We stopped at Rocco di Castellina and had some free time to walk around. It’s a charming walled city full of character, incredible views. and interesting stone-covered walkways.
After leaving Rocco di Castellina, we meandered through the hills of Tuscany to a local Chianti Classico vineyard – Poggio Amorelli. I learned that there is a difference between what I thought of as Chianti and the Chianti Classico. The Classico is delicious with a ruby-red color and aromas of violets and cherries with an earthy spice. To ensure you are buying the correct type of Chianti, the Chianti Classico is marked by the DOCG, which stands for Denominazione di Origine Controllata e Garantita, or Denomination of Controlled Origin. The DOCG symbol is a black, young rooster (Gallo Nero) on the label.
We finished our day in Monteriggioni which is an impressive walled, Medieval town. The town was originally part of a castle which stood in this location since 1200 and whose towers can still be seen for miles across the Tuscan hills.
My next day trip took me to San Gimignano, another wine tasting at a vineyard, and back to Monteriggioni.
San Gimignano is a UNESCO World Heritage Site. It is a medieval walled-town with 14 towers visible from miles away. It also boasts the world’s best gelato and a cistern that dates from the 13th century. The day I was there, there was a market day and the streets were closed off to automotive traffic. The streets were overflowing with market stalls and pedestrians. As you walked down the street, there would suddenly be an opening and you would look out across the hills and valleys at breathtaking views.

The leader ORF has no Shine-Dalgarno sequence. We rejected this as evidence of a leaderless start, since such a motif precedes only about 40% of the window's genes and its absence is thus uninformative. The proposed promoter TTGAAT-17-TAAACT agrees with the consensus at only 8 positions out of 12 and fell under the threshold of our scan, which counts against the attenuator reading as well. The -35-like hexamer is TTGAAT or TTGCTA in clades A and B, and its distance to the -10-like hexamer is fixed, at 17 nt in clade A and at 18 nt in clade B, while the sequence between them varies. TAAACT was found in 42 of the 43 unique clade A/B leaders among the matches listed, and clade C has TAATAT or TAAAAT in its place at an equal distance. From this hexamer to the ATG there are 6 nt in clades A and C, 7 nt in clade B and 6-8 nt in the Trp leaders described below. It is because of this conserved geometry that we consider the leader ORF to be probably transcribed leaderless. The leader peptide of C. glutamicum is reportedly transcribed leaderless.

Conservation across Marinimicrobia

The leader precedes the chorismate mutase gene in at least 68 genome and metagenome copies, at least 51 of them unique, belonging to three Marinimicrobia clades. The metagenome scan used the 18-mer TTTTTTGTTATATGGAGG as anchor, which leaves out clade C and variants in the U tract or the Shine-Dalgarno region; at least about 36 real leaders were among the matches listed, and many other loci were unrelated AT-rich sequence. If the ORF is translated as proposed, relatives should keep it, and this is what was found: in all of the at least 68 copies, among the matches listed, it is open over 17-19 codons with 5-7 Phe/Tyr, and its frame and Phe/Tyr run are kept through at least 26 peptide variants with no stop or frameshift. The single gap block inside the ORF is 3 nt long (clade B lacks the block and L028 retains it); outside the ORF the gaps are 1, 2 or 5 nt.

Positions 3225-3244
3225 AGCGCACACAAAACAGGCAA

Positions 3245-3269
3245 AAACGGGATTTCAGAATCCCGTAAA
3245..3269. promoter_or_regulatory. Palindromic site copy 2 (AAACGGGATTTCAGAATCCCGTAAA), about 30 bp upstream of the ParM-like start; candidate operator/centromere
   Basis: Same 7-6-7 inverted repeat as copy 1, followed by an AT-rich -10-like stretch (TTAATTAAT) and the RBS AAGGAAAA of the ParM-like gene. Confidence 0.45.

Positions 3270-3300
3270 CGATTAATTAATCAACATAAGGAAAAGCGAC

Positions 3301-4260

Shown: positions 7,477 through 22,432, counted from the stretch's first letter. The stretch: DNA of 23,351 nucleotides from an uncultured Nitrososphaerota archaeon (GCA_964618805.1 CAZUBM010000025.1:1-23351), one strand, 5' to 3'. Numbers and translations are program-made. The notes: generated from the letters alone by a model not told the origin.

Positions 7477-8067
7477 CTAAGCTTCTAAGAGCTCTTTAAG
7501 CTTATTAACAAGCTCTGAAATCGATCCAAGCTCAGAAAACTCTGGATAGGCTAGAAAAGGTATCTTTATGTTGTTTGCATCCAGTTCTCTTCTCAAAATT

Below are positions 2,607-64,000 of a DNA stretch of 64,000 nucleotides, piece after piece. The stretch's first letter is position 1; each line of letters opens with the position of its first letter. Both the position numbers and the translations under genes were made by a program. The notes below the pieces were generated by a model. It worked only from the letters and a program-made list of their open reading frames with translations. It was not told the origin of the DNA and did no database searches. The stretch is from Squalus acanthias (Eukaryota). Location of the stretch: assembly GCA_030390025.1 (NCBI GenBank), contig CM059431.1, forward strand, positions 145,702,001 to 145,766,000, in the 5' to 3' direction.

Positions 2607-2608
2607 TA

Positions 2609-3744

At this day’s wine tasting, the vineyard paired their wines with Tuscan favorites: pasta, cheese, charcuterie, and. pastries.
The tour finished in Monteriggioni where I stopped at a local wine shop for a very sophisticated wine tasting. You purchased a card with a certain number of points programmed in. When you found a wine you wanted to taste, you would insert your card and the points would be deducted from your card. Different wine tastings had different point values. It was really very clever.